Transformations of Modernity, 1914-present (Fall 2019)
Karen Miller (The Graduate Center and LaGuardia Community College, MALS and History)
Andrea Morrell (Guttman Community College)
Fall 2019, Thursdays, 4:15-6:15pm
Course Number: IDS 81650; MALS 70800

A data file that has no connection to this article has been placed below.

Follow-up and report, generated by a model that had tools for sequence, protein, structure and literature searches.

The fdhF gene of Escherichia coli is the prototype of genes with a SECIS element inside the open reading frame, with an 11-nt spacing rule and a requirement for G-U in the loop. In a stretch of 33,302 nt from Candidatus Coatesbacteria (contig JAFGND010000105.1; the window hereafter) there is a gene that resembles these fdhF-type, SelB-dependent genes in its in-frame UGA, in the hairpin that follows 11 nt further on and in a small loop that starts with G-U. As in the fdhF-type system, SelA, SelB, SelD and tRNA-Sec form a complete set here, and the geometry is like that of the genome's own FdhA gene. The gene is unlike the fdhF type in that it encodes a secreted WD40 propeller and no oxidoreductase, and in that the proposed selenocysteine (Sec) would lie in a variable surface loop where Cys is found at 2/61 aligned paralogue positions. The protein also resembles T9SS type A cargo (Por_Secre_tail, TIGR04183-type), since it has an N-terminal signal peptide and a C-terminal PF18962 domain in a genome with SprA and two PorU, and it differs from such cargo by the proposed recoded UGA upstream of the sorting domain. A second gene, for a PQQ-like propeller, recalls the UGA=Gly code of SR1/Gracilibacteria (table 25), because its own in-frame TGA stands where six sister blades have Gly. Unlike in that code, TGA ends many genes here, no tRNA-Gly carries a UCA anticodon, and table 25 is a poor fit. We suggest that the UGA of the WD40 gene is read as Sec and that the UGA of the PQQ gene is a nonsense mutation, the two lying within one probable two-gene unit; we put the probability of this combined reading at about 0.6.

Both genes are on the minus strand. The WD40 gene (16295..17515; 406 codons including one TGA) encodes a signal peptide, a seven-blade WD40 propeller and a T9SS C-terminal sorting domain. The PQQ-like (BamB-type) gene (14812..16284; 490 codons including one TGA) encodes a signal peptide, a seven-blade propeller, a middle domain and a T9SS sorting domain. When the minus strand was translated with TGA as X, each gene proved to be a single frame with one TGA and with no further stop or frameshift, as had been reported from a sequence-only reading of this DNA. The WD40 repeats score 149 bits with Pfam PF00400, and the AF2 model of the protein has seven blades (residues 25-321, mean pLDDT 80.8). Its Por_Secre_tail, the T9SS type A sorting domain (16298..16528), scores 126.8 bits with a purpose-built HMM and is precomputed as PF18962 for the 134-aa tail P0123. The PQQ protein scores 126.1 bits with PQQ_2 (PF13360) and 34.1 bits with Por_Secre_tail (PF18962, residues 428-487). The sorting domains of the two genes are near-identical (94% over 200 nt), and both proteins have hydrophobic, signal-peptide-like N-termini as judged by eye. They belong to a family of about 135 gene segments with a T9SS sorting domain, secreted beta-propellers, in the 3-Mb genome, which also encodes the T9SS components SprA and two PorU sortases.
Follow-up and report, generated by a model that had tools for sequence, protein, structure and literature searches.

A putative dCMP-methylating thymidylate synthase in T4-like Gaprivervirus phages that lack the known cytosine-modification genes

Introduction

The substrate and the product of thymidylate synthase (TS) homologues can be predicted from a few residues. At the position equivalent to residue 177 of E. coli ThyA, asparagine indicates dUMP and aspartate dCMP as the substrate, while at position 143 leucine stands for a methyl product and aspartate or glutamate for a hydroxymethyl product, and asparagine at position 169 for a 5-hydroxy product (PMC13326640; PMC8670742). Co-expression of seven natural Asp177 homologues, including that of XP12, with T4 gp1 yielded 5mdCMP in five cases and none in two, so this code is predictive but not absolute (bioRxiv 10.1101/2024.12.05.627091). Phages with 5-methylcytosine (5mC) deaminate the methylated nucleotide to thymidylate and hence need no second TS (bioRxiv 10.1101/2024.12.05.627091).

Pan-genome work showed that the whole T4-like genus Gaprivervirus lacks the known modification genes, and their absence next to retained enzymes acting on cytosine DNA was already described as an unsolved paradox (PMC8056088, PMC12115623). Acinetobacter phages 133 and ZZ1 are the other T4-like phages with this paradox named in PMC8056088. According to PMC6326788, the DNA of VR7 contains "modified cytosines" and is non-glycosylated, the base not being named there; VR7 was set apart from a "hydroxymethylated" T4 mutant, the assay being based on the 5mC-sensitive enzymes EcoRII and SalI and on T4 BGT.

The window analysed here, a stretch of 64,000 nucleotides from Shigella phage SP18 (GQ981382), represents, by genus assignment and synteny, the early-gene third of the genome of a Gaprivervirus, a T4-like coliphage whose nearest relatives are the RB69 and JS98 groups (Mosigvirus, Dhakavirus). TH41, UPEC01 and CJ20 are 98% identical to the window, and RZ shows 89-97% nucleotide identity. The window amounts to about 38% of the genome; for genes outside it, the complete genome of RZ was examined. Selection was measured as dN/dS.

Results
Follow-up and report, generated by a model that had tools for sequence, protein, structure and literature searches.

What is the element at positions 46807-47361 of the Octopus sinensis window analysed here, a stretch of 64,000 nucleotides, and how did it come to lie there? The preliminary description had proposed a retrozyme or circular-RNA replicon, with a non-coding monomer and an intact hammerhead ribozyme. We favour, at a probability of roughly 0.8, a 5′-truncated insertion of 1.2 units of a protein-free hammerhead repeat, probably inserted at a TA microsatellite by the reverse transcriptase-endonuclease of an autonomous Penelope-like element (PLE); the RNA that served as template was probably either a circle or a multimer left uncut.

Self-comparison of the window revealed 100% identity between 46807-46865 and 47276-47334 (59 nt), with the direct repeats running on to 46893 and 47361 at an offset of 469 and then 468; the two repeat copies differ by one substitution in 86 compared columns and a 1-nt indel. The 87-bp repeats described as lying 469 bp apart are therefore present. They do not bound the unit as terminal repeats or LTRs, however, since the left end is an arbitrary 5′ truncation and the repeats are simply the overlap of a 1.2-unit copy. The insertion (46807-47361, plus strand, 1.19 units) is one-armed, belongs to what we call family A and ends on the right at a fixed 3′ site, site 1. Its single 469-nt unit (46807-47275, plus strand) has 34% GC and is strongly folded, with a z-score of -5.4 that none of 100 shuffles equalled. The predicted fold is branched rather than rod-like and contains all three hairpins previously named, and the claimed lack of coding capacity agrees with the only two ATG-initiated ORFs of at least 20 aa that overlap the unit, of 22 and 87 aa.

This class will put colonial relations of power at the center of our study, exploring how claims about modernity have been used to both amplify and challenge inequalities on both intimate and global scales. It will interrogate the widely held assumption that “modernity” is linked to liberty, freedom, and state-protected equality. Instead, it will examine the multiple, contested, and conflicting meanings that people have used to understand the concept of modernity from the early 20th century into the present. How, we will ask, have various people used the moniker “modern” and to what end? How have modernity’s opposites – primitivity / backwardness / tradition – also been used to characterize spaces, people, institutions, states, “cultures,” geographies, technologies, etc.? In other words, we will explore the incredibly mixed set of foundations and legacies that shape the notion of modernity, as well as a range of responses from a range of different positions to its contradictory sensibilities. This class is interdisciplinary and will examine these questions through a range of texts, disciplines, and methodologies.